Furthering the connection with Gough's earlier Cohen produced movies, Conrad's mute assistant Carl mirrors Rick from BLACK MUSEUM, but his character is more clearly drawn and sympathetic. Of the four main pictures discussed here, BLACK ZOO is the more slickly produced of the bunch; and the most meticulous in its characterizations.

"In one of my experiments, I applied Academician Pavlov's theory of conditioned reflexes to sexual behavior. In my view, Freud had failed. I succeeded in controlling human desire, but there was still a missing link. My subjects could not yet fulfill the desires I had created in them."--Dr. Storm from HORROR HOSPITAL (1973)

HORROR HOSPITAL (1973) is arguably the wackiest of these four. It's missing Herman Cohen as a producer, but British born Richard Gordon made a suitable successor with his own worthy resume of trash. Gough plays Dr. Christian Storm, who runs a health clinic that doubles as a hi-tech lab where lobotomies are conducted. Gough is slightly restrained here, but flamboyant in other ways. He's a kinky version of Doctor Frankenstein (effortlessly dwarfing the famous Baron's arrogance) by way of Dr. Phibes in this one.

Resembling a bit of ROCKY HORROR, this "hospital" is under the guise of a health clinic where the patients literally lose their minds -- and heads via the Mad Doctor's specialized car with its own built in guillotine and sack to collect the bloody noggins! Midget actor, Skip Martin enlivens things as Dr. Storm's assistant. Gough looks zombie-like himself with his pale complexion. Wheelchair bound, his true identity is revealed in a weirdly shocking ending. Silly, gory and splattered with an irreverently black sense of humor, Gough is essentially Dr. Frankenstein -- The Dirty Old Man.

"One must never put any trust in a woman. It was no accident that Satan was able to tempt Eve before Adam."--Edmund Bancroft from HORRORS OF THE BLACK MUSEUM (1959) 

Of these four mad doctor/psychopathic killer roles, there are similarities between them (some of which was mentioned above) as well as varying layers of sexual subtext scattered throughout the psyche's of these four madmen.

As seen in HORRORS OF THE BLACK MUSEUM, Edmond Bancroft -- who walks with a cane -- hates women. His pretty, if crude girlfriend chastises him for his impotence (his limp symbolizes his impediment) and she, along with other beautiful girls, suffer for his shame in spectacularly nasty fashion for 1959. Gough's insidious character was virtually recycled for 1963s BLACK ZOO; but unlike BLACK MUSEUM, his character in ZOO has a hatred for all mankind.

In KONGA, Gough's Dr. Charles Decker is not only the sort of maniac that would make Frankenstein blush, he's also a voracious sexual predator. He lusts after the young, busty students of his science class, and grows these bizarre plants that look like giant, erect penises -- veins and all. The lascivious looks he gives his gorgeous blonde student comes to a head at the end when he attempts to rape her with his conspicuously placed penile plants standing at attention in the background. The plot device of an evil man getting revenge on those who wronged him, or threatened his success found its way into BLACK ZOO from 1963.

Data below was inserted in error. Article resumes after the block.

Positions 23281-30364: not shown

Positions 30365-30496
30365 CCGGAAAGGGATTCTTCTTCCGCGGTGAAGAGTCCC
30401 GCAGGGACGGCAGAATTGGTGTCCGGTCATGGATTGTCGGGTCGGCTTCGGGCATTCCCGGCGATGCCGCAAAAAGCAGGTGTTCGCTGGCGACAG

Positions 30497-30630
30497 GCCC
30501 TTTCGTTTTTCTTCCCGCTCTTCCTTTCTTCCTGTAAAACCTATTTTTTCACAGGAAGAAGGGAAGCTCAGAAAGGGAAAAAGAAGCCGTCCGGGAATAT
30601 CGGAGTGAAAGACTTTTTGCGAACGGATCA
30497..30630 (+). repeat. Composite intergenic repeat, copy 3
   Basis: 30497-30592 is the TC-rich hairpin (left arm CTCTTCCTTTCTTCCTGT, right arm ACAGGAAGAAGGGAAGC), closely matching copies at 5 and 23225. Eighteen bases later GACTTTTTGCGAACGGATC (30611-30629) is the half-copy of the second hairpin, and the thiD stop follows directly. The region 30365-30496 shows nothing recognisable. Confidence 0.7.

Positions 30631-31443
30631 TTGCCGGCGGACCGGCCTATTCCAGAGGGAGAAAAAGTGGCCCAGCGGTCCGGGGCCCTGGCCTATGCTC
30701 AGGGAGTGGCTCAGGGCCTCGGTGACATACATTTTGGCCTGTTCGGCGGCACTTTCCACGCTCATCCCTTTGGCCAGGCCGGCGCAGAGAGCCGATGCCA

Michael Conrad of BLACK ZOO is essentially a less sleazier version of Edmund Bancroft from BLACK MUSEUM. He shows the same lack of interest in sex (in the earlier film, it's not of his own volition; in the other, his animals are of greater importance), even displaying an abhorrence at kissing his wife (played by Jeanne Cooper); except once he's struck her in the face after a rage. There are also shades of KONGA's Dr. Decker present as well as another killer gorilla. The sexual subtext is slight (if even intended), but there's a disturbingly thick air of child and spousal abuse running throughout this movie.

"You're too old... to run a whore house..."--Dr. Storm from HORROR HOSPITAL (1973) 

1973s HORROR HOSPITAL (also known as COMPUTER KILLERS of all things) was a very unique example of subversive British horror; and one that reflected the 70s era of 'Sex, Drugs & Rock n Roll'. Its edgy style is diametrically opposed to the previous decades Gothic horrors, and of those that Hammer were still desperately clinging to. The act of sex is intermittently on display here, but Gough's aforementioned 'Dirty Old Man' really comes to the fore at the end, and in a particularly sleazy fashion. He creates living zombies in both male and female, with the latter performing their duties as sex slaves. Gough only goes on a rant a couple of times here, but even then, it's never to the extravagant degree of the above three films. While his demeanor and appearance are wildly over the top, he's far creepier here than previously seen.